TAMPA — When the final horn of a unique, unpredictable season blared Wednesday night at Amalie Arena, tired legs hopped over the railing of the Lightning bench and Tampa Bay skated into hockey history.
The Lightning’s 1-0 win over the Canadiens in Game 5 of the Stanley Cup final sealed a 4-1 series win and made Tampa Bay just the second team since the salary cap era began in 2005-06 to win back-to-back Stanley Cups, joining the 2016-17 Pittsburgh Penguins.
Legacies like this are rare in today’s game. The cap keeps teams from being great year after year, but this Lightning team managed to stay together and achieved the improbable.
“No matter what happens from here on out, this group is going to be etched in history forever,” captain Steven Stamkos said.
The Lightning rebounded from a Game 4 loss in Montreal, making them the first team to win the Cup on home ice since 2015, when they had to watch the Blackhawks claim the championship in Chicago.
“We’ve been knocking at the door for so many years,” coach Jon Cooper said. “And now to be able to do it, back to back, and it kind of cements this group as … well, they’re special.”
After celebrating last year’s championship in an empty arena in Edmonton after 65 days in a playoff bubble, the Lightning brought Lord Stanley home in front of an announced capacity crowd of 18,110.
“Quite the turnaround from being really disappointed and not winning Game 4 to seizing the moment,” Stamkos said. “I think that what kind of motivated this group this year was, obviously we won the Stanley Cup last year, but we didn’t get to do it in front of our family, our friends and our fans, and we had the opportunity (Wednesday) and … the crowd was amazing.”
A celebration a year in the making took place, with streamers and confetti falling from Amalie’s rafters as the players mobbed goaltender Andrei Vasilevskiy, who ended the season with his record fifth straight series-clinching shutout in the playoffs. Vasilevskiy, who made 22 saves in the victory, won the Conn Smythe Trophy as the postseason’s most valuable player, a rarity for a goaltender.
“(Vasilevskiy) was on his head (Wednesday), and he kept us in the game and another shutout by him,” forward Nikita Kucherov said. “Remarkable. I’m so happy; we didn’t want to go back to Montreal. The fans in Montreal, come on, they acted like they won the Stanley Cup last game. Are you kidding me?”
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The Lightning’s legacy will be one of redemption and resilience. Their season started with them playing in arenas so desolate they could hear their skate blades on ice. They endured strict coronavirus protocols, were isolated in their hotels on the road and played every game with a huge bull’s-eye on their backs.
A team built on skill reinvented itself with grit. When it bought in on being a better defensive team, it became championship caliber. And in the playoffs, games are decided by how many goals a team prevents, not how many it can score.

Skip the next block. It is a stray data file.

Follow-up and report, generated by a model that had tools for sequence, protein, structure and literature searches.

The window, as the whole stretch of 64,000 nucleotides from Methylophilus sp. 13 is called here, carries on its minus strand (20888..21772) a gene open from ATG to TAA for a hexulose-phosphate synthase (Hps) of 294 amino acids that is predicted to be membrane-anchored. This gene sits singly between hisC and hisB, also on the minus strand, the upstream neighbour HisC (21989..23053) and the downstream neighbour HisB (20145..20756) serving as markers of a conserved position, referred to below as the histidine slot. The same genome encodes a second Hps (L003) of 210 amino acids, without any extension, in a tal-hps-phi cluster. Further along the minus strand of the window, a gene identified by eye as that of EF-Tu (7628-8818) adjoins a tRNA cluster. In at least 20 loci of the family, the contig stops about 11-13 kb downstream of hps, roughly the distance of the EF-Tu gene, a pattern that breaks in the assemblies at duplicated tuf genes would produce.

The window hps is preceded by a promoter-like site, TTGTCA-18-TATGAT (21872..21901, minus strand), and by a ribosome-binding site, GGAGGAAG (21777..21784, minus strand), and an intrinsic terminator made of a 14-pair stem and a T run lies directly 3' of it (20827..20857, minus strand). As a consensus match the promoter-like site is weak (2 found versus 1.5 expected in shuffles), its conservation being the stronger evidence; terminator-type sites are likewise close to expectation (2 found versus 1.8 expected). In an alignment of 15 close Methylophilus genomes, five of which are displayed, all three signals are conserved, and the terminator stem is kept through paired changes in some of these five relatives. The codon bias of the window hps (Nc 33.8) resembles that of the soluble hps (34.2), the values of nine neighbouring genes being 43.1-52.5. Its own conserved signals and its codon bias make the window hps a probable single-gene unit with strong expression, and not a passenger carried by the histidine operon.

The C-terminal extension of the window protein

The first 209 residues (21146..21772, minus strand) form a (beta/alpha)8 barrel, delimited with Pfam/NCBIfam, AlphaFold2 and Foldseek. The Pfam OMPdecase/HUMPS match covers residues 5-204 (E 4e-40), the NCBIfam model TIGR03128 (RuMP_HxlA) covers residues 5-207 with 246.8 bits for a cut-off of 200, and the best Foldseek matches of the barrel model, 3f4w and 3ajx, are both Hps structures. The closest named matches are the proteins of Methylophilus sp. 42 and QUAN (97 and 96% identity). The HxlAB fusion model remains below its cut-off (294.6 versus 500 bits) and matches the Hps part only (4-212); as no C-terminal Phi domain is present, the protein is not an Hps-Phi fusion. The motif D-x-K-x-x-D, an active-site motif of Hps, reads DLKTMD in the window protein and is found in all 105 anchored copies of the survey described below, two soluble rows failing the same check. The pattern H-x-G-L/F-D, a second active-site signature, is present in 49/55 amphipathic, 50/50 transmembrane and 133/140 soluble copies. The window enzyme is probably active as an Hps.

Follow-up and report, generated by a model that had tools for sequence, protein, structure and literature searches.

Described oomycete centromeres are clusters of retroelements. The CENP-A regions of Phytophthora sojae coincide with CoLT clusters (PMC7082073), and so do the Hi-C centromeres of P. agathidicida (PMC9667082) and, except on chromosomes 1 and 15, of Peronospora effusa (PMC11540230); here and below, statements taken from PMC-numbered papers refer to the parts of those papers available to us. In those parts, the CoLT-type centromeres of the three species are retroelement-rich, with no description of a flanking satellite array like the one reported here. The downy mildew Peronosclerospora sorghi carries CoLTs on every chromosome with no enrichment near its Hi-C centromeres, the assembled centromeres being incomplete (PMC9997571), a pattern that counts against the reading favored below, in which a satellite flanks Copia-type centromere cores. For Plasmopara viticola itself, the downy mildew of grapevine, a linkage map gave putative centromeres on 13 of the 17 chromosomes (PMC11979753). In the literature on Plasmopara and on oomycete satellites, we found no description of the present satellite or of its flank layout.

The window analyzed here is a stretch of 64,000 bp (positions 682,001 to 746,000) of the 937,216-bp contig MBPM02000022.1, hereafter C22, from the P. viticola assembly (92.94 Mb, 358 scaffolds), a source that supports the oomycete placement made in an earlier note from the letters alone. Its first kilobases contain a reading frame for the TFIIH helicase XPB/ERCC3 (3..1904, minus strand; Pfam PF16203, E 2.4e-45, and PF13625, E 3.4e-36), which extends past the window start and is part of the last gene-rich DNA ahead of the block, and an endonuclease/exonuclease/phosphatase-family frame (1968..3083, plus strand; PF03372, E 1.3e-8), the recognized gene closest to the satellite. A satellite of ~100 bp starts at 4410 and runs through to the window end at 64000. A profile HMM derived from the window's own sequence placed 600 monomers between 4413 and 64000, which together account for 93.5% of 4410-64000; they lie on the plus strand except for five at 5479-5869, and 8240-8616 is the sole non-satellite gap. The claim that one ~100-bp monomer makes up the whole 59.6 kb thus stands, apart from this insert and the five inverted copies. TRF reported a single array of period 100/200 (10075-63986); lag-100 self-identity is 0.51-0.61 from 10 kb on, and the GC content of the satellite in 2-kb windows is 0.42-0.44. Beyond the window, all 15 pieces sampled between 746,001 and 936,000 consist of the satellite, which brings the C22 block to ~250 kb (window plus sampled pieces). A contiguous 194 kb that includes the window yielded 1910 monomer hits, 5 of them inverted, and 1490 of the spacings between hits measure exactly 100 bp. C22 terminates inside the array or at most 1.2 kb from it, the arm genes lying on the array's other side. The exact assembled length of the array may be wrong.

“People wanted to sacrifice, whatever it took, to be back-to-back Stanley Cup winners and just the confidence we had going into the playoffs,” defenseman Victor Hedman said. “We had a tough time at the end of the regular season, and people are asking if we were really in it or not, but once the playoffs started, we kind of pushed the button.”
The two players in the lineup who weren’t part of last year’s team — rookie forward Ross Colton and defenseman David Savard, acquired at the trade deadline — connected for the game’s only goal with 6:33 left in the second period.
Colton, who began the year with AHL Syracuse, had moved up to the second line after Alex Killorn broke his left fibula in Game 1. Killorn had surgery to insert a rod in the leg last week and missed the last four games of the final.
Colton’s charge to the net will now live in Tampa Bay sports history.
The Lightning won a puck battle against the near boards, and the puck landed with Savard along the far side. Once the Lightning won possession, Colton won a joust with Canadiens defenseman Joel Edmundson for positioning in front of the net, and he redirected Savard’s pass through traffic into the back of the net.
Kucherov and Stamkos said they couldn’t sleep for several nights during the final. Vasilevskiy said before Game 5 he thought of his feeling watching Chicago win the Cup on home ice over the Lightning in 2015.
“I was crying basically on the bench with 1:40 left, and I couldn’t even throw my stuff off,” said forward Pat Maroon, who won his third straight Cup. “But it takes a group of 25 men, and we did that, and I’m very proud of these guys.”
Once the celebration started and the players took their victory laps lifting the Cup, starting with Stamkos, then Hedman, and going down the roster, the emotions sank in in front of the same arena that was empty when they played their first game of the season Jan. 13.
When Cooper had his turn some 20 minutes into the celebration, he lifted the Cup high in the air and looked into the crowd with still nearly every seat filled and mouthed three words to it:
“I love you.”
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